The part of this whole debate that drives me nuts is the double standard between bikes and cars. Everyone jumps all over cyclists when they don’t come to a complete stop at a stop sign on a deserted residential street… but don’t worry about it if cars do it… and EVERY car does it… all the time… unless another car is at the intersection.
Go. Sit at a quiet intersection. Count the cars that come to a complete stop. I bet, out of 100 cars, you could count the complete stops on one hand.
The rolling stop — it’s an idea that cycling advocates say could encourage more riders, ease bicycle commuting and make riding more efficient. Besides, many riders already do it, much to the outrage of the public.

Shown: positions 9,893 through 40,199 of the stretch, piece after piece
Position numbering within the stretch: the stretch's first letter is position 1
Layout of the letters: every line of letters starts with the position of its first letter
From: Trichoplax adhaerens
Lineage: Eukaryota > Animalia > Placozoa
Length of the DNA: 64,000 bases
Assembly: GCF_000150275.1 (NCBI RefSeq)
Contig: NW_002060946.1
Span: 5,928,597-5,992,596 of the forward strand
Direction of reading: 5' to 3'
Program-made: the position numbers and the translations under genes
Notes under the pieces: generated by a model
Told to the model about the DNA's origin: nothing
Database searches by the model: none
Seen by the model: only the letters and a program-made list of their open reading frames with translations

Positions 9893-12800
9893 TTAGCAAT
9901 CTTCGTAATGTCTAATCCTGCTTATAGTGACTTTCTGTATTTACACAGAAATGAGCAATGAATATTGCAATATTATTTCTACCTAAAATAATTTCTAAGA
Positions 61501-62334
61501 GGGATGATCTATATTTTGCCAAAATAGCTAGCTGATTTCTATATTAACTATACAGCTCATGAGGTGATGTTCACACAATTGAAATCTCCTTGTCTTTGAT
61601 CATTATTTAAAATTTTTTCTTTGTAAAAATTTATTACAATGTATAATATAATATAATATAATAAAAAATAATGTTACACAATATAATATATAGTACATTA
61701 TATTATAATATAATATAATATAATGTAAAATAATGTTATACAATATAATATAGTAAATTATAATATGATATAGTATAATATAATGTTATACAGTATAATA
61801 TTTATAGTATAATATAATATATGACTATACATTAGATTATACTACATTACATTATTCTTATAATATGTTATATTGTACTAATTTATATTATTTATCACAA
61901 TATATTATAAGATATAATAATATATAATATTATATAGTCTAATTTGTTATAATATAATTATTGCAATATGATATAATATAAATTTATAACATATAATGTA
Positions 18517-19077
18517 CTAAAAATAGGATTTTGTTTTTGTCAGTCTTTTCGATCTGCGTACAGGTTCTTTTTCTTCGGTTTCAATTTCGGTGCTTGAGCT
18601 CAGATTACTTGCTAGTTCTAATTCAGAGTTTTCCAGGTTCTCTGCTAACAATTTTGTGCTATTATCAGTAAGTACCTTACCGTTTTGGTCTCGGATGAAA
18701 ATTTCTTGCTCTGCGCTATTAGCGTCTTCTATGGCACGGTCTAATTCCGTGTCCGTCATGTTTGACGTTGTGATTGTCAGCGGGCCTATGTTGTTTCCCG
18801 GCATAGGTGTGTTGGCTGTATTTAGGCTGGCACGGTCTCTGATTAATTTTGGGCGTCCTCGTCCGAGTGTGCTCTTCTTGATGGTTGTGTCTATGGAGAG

Among cyclists it’s known as the “Idaho stop,” after the state that first legalized the practice in 1982. Since then, bike riders in the potato state have been told to treat stop signs as yields — allowing them to proceed without coming to a full stop if the way is clear. It’s a policy that cycling advocates across North America and in Toronto have been eyeing enviously.
“Amongst the advocacy community and amongst cyclists, it’s been talked about for years,” said Jared Kolb, executive director of Cycle Toronto. “Very few cyclists that I know come to a complete stop at four-way stops when the coast is clear.
Read More: Big Ideas: ‘Idaho stop’ is one hot potato
|comments powered by Disqus|